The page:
Our rental housing market has remained strong for a number of reasons including: foreclosed homeowners reverting to rental housing; young families holding out for further drops in housing prices or being unable to make the necessary down payment due to new lending criteria; and increased student demand.

On the last point, due to the Boston area’s abundance of colleges & universities, the student population has increased by nearly 24,000 undergraduates and 22,000 graduate students since 2000.  And although the schools house over 100,000 undergraduates, nearly 180,000 live off campus. With graduate students, only 8% of them live on campus.

Bluestone was convinced that there are real opportunities for the private sector to provide the needed housing for both undergraduates and graduate students.  New housing alternatives for graduate students could include the creation of Multi-University Graduate Student Villages to help take pressure off the urban rental market and help retain young professionals in the city.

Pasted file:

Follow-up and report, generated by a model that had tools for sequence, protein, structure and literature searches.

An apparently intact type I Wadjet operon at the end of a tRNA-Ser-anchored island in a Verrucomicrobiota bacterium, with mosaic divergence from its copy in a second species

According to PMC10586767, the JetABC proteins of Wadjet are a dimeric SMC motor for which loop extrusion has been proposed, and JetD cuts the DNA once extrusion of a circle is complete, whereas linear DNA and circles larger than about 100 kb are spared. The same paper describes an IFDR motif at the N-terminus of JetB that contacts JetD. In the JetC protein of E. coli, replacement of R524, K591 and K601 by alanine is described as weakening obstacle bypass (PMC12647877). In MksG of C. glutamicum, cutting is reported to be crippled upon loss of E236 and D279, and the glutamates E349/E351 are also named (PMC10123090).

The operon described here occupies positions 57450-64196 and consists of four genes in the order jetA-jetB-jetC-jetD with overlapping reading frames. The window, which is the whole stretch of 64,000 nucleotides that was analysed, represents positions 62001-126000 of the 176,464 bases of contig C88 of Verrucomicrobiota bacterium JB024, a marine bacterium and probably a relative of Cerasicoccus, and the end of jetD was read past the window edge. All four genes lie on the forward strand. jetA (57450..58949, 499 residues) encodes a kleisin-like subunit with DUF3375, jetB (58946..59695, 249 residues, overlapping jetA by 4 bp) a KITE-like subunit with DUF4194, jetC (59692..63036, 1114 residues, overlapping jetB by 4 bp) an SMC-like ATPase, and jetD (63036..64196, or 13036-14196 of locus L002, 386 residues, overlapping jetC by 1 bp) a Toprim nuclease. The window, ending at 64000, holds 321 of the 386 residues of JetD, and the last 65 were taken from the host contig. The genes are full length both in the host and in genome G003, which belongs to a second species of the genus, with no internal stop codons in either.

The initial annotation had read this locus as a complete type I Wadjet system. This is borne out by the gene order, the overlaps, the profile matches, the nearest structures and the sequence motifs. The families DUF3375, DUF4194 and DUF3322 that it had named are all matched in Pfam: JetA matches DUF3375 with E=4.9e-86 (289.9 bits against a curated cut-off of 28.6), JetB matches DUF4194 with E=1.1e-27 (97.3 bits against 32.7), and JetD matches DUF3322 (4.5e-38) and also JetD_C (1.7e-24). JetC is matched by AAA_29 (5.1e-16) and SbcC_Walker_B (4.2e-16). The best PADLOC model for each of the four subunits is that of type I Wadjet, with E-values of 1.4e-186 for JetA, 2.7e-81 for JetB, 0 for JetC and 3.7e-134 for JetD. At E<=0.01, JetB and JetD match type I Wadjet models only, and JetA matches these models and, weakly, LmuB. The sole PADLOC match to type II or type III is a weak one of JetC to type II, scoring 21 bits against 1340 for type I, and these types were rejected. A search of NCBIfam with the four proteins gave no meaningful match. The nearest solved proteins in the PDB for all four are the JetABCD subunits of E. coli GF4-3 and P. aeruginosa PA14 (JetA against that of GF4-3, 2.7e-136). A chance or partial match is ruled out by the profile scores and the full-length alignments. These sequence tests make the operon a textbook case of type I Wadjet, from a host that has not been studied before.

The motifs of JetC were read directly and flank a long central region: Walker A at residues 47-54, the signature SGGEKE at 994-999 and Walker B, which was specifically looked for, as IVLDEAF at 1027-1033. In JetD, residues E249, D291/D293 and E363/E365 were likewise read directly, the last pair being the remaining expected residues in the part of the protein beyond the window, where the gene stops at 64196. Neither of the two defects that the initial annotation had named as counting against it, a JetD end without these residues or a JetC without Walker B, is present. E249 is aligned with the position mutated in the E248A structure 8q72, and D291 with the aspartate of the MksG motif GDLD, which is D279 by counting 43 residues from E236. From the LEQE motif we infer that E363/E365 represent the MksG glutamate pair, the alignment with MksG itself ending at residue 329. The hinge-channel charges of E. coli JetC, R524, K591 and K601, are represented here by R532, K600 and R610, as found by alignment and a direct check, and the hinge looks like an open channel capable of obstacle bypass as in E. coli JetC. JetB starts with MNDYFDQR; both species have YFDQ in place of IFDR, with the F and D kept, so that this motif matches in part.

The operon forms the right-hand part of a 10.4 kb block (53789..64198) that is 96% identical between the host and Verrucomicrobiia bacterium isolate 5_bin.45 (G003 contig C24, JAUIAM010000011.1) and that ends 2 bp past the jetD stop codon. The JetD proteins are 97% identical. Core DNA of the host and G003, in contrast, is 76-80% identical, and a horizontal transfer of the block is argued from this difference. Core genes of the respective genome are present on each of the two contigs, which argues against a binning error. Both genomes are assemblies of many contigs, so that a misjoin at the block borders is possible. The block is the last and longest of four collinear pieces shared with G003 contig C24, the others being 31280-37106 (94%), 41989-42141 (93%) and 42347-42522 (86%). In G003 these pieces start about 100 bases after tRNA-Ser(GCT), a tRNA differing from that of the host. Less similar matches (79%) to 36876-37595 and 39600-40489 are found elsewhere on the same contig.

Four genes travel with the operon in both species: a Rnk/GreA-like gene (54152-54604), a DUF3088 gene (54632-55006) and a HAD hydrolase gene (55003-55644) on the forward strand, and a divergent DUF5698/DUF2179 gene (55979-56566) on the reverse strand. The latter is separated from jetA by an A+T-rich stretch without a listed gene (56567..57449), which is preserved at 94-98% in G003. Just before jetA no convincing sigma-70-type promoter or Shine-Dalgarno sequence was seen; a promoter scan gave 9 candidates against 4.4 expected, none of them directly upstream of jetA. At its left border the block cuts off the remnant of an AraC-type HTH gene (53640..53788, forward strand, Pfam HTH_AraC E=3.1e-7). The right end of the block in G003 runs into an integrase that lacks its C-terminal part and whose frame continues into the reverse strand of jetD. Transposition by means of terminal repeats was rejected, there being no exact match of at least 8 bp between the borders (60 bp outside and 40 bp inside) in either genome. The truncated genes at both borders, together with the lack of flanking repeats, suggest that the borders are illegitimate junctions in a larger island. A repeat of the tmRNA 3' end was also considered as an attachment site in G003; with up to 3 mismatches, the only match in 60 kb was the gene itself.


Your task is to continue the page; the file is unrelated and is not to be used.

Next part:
At the opposite end of the spectrum, Massachusetts is aging rapidly, with the Baby Boomers projected to represent higher percentages of the population over the next decade. There will be some great opportunities for multi-family housing during the next decades, with some empty nesters looking for smaller, easier to maintain housing, and others choosing to “age in place” in suburban, smaller units, while still others may look to more urban environments with more amenities provided by city life.

The panel that followed Dr. Bluestone included Larry Curtis, President, WinnDevelopment; Wendy Nowokunski, President, The Northbridge Companies; and Doug Straus, SVP, Director Residential Development, National Development.

Some key take-aways included:

  • For market rate housing, transit-oriented multi-family is highly marketable.
  • Be it subsidized, market, or senior housing, higher quality finishes are now expected as the norm.
  • Senior housing is not your “grandfather’s” housing – it is now varied in service delivery, including independent, assisted living, and memory care residences (diminished cognitive capabilities affects more that 40% of those over 85 living in senior housing.)
  • Even with state and federal subsidies, new construction is very difficult, leading to more interest from investors in repositioning older properties.
  • Green is becoming an expectation, but there is no clear standard as owners market their properties as green.  Some owners are focusing on very visible improvements (solar), while not pursuing the more energy saving upgrades.

It appears that the current strong attraction for rental housing in the investment markets is well founded and the prognosis for the future of this product type is a clearly bullish one.